To the Editor:
A recent letter to the editor criticized the pastor of a vibrant church here in Mt. Vernon for recognizing election fraud in some of the battle ground states, and for supporting a man like President Trump. The writer believed that evangelical Christians should not support a “liar” like President Trump.
Wayne Grudem, Ph.D., professor of theology and biblical studies at Phoenix Seminary, summarizes our evangelical position as follows: “If in a second term Donald Trump acts in the way he has acted in his first term, this will bring a continued strong economy, a strengthened military, better trade terms with other nations, a secure border, more originalist judges, stronger protections for unborn children, strong employment and wage growth, greater energy independence, greater school choice ... protection of religious freedoms.”
He, further (as reported in World Magazine), has studied "20 or 30" lies listed on a website that supposedly keeps track of every lie of President Trump. He could not find a legitimate lie in those 20 supposed lies.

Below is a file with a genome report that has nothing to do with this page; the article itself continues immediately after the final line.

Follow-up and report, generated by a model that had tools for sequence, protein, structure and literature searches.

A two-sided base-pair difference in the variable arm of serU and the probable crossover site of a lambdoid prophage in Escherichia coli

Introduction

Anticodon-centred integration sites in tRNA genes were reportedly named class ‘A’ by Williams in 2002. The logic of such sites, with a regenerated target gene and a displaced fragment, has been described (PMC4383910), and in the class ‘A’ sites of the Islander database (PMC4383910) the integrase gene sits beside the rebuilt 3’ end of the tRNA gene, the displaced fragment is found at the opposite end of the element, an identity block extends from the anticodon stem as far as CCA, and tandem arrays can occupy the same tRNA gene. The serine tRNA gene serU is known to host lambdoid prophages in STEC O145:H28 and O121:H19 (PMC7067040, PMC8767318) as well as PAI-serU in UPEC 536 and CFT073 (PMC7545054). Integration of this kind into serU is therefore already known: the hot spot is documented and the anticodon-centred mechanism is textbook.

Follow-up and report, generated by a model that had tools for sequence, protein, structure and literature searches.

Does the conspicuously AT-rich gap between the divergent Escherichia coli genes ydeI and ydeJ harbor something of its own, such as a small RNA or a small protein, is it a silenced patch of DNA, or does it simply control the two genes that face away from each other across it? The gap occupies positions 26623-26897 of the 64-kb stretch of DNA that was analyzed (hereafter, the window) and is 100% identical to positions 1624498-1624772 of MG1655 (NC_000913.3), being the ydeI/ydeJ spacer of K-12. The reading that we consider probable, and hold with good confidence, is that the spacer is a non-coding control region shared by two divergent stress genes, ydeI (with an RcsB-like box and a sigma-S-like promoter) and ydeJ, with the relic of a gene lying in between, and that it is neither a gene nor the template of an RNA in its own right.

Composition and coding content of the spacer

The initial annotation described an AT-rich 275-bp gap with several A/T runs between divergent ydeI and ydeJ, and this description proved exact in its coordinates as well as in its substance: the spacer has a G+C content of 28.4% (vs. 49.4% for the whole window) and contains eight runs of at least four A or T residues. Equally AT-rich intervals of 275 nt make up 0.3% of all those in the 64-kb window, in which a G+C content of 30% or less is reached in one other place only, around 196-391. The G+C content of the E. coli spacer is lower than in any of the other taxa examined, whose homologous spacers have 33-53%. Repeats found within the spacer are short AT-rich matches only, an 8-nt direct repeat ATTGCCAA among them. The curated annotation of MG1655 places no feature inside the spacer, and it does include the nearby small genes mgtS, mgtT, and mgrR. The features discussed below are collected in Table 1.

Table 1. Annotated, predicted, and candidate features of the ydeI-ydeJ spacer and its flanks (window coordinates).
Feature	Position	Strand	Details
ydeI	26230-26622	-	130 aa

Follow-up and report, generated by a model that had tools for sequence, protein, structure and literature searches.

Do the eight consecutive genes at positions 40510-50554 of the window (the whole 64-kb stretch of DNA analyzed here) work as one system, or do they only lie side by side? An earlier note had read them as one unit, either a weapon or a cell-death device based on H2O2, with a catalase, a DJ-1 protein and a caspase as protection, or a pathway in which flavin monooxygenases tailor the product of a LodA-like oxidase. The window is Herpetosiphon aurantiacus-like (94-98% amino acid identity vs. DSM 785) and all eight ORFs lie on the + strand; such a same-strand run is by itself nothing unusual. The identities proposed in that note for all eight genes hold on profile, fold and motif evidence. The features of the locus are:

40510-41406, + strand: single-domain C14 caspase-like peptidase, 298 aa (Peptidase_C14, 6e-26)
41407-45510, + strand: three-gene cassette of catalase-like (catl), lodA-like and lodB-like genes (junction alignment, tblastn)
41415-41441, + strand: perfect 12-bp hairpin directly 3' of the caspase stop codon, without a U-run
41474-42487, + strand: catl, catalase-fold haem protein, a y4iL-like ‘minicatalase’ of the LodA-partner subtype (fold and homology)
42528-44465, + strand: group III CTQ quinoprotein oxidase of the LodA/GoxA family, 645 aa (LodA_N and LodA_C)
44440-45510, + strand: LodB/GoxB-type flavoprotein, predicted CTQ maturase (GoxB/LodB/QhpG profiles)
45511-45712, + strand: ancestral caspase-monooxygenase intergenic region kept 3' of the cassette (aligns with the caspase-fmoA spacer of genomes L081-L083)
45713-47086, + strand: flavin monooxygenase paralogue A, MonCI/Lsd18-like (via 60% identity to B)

President Trump has surrounded himself with evangelicals on his cabinet: Secretary of HUD, Dr. Ben Carson; Secretary of State, Mike Pompeo; and Press Secretary Kayleigh McEnany — who was preceded by Sarah Huckabee Sanders — solid evangelical Christians all. So far as I can tell, Joe Biden has not chosen one evangelical Christian to his cabinet; they are all secular progressives.
We have gotten used to politically incorrect statements, coupled with beneficial policies. What we are going to get is politically correct statements, coupled with ruinous policies.
Editor's note: Attorney General Bill Barr, appointed by President Donald Trump, said Monday there was no basis for seizing voting machines and that he stands by his previous statement there was no widespread voter fraud that could have affected the outcome of the presidential election. In an interview with World Magazine, Grudem said, "...I looked at The Washington Post's list of what it calls 16,000-some 'lies' Trump has spoken and examined 20 or 30 of them. They're what I'd call conclusions drawn by a hostile interpreter of words that a sympathetic listener would understand in a positive way. President Trump is often not careful in some of the things he says. He is given to exaggeration. Sometimes he's made a statement after being given inaccurate information. I'm not sure he's ever intentionally affirmed something he knows to be false, which is how I define a lie..."